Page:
Going Going Bike

Oct 242014
 

Over the last few weeks, we’ve been tipping you off on how to survive the winter commute by being visible in the dwindling light, keeping yourself warm and dry and making sure your bike is ready for the season’s inclement/biblical weather. All well and good and sure, no one wants hypothermia, but there’s really no substitute for being aware on the roads and cycling safely.

The chances are, many regular cycling commuters have probably experienced at least one incident on the roads that was hairier than a back-combed member of ZZ Top. Unfortunately, there’s not a lot you can do about the taxi driver who doesn’t actually understand basic principles of driving or the woman posting venomous Tweets about #bloodycyclists while at the wheel of her car. There are, however, a number of ways you can lessen the probability of becoming another grim statistic, besides illuminating yourself like the Blackpool Tower.

The Right Side of the Road

Stay on it. Honestly, newbie road cyclists, this is (probably) the most important piece of advice to heed. If you undertake, or cycle down the left hand side of, a vehicle they might not be able to see you, what with the driver being on the other side of the vehicle and all that. If it’s an HGV or bus, they almost certainly can’t see you and if you’re alongside them at the point at which they veer or turn left, there is a greater chance you’re going to get hit. The problem with these massive hulks of metal is that they don’t have to hit you at speed to really damage or even kill you. Never cycle down the left hand side of an HGV and do not under any circumstances sit to the left of an HGV at a junction.

Ironically, the exact shape of an HGV's blind spot

Ironically, the exact shape of an HGV’s blind spot

If you’re cycling down the right hand side of a vehicle, remember that if you can’t see their mirrors, they can’t see you and they still might not even if you can. At a junction position yourself about three metres or so in front of a taller vehicles like vans or lorries – they can’t see what’s directly in front of their nose because they’re too high up. If you can’t get that much further in front, then hang behind and wait for the HGV to go, first. If you are ahead of an HGV or similar, try to make eye contact with the driver so you can be sure they’ve seen you.

 

 

Look before you leap

Or, in this case, pedal. It might sound obvious, but goodness knows you see cyclists guilty of this all the time. LOOK over your shoulder and ideally INDICATE that you are about to veer out into the road to swerve round something. I’m forever berating drivers for shouting at cyclists but play fair, not everyone’s as clever as you, and potentially not having fully honed their skills in telepathy, there’s no way for a driver to know what you’re about to do (and react accordingly) unless you let them know, first.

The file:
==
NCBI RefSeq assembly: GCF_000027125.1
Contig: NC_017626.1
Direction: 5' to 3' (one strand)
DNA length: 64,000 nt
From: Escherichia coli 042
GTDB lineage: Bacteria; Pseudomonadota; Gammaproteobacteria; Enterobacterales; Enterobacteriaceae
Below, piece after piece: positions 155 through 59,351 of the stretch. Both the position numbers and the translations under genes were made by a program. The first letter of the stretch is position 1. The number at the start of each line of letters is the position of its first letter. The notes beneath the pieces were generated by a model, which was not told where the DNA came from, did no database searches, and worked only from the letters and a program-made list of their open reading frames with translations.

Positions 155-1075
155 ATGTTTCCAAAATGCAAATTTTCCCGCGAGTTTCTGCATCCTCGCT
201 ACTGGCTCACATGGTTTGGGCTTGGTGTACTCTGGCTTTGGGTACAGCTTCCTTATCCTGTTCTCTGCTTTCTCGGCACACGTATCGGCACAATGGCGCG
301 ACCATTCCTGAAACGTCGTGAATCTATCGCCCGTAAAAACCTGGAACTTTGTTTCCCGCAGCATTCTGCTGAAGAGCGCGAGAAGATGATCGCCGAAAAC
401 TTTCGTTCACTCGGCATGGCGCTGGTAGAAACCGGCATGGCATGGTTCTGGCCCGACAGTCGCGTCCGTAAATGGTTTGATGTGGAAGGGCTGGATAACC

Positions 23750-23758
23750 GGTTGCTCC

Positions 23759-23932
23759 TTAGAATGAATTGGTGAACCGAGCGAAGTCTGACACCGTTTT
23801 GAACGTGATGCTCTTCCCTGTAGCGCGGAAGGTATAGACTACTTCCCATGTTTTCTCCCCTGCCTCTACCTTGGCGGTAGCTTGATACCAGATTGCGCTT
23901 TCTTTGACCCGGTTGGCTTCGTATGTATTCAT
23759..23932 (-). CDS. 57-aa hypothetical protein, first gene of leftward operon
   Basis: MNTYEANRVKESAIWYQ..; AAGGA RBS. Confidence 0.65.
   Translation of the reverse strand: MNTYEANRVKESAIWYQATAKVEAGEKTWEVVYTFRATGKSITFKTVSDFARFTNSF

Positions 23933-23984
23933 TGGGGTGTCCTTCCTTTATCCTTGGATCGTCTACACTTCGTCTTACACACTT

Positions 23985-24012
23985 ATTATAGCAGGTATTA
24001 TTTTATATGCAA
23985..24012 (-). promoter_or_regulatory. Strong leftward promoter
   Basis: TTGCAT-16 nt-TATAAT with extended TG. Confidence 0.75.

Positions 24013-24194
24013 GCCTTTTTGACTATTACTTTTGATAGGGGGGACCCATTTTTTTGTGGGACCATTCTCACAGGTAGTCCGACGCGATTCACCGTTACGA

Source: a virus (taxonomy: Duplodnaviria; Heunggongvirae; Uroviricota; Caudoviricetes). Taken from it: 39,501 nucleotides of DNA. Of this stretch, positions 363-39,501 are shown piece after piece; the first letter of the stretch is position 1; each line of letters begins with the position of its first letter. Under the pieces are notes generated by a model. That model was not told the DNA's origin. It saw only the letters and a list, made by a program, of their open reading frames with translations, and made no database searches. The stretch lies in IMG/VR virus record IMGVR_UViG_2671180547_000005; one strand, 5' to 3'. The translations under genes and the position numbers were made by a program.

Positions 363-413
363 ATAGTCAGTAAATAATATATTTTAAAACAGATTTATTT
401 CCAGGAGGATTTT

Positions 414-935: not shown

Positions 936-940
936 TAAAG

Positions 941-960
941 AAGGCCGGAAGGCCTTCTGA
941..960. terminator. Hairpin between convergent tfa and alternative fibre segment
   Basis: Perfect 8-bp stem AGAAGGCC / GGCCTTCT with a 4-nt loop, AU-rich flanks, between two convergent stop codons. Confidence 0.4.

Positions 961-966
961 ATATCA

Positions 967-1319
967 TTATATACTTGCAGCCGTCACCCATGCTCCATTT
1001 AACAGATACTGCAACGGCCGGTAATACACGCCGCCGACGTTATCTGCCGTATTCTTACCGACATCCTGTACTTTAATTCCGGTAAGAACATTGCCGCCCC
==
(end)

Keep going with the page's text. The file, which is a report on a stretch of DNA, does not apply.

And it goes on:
Get out of the gutter

The risk of being shouted at by a driver increases by approximately 2000% if you’re not as far to the left of the road as is possible to be, but actually, you’re not supposed to be in the gutter. For a start, you’re increasing the chance of getting a puncture by cycling along the path of debris that’s been washed off the road. Secondly, you never know when some idiot is going to swing open their car door without looking, and you’re probably going to come out of this encounter the injured party.

Finally, you are more visible to drivers if you’re not tucked inconspicuously out of the way. Maybe it does slow vehicles down and maybe that is a minor inconvenience if they’re on their way to the airport, for example. But if they do shout at you, the chances are they’re just rude, which is better than you being maimed.

 

Yes, slow

Yes, slow

White Lines

As Grandmaster Flash never said, are slippery when wet. That’s right, road markings and manhole covers were very sensibly designed to send you wheel over handlebar when it rains. Cycle around them (after indicating!) or very carefully over them – dental bills are expensive.

 

Twilight is for vampires

Ok, maybe that’s a misleading statement, but one group it’s not for is cyclists. Just before the sun sets, it’s easy to underestimate how dark it is and how little visibility there is of road users other than great big lumps of metal. Your lights are also less effective because they don’t have full darkness as contrast. Ditto reflectives, which won’t do anything if they don’t have a bright light shining on them. Try to avoid cycling at this time of the day if you can, there’s probably one more email you can send before you leave work, isn’t there?

 

Road to nowhere

There may be some unavoidably busy roads on your commute, but if you live in an urban area, there are probably a number of alternative routes you could take to reach the same destination. Use an online tool like Sustrans’ route mapper which can provide quieter routes if you prefer to avoid busy roads.

 

Just. Don't. Bother.

Just. Don’t. Bother.

Leave it out

Finally, know when to admit defeat and leave your bike at home. If it’s snowing or a hurricane is raging you’re probably going to have at least a horrible journey, if not dangerous. Just don’t bother, even if public transport isn’t functioning – think of all those extra emails you sent while waiting for darkness to fall.

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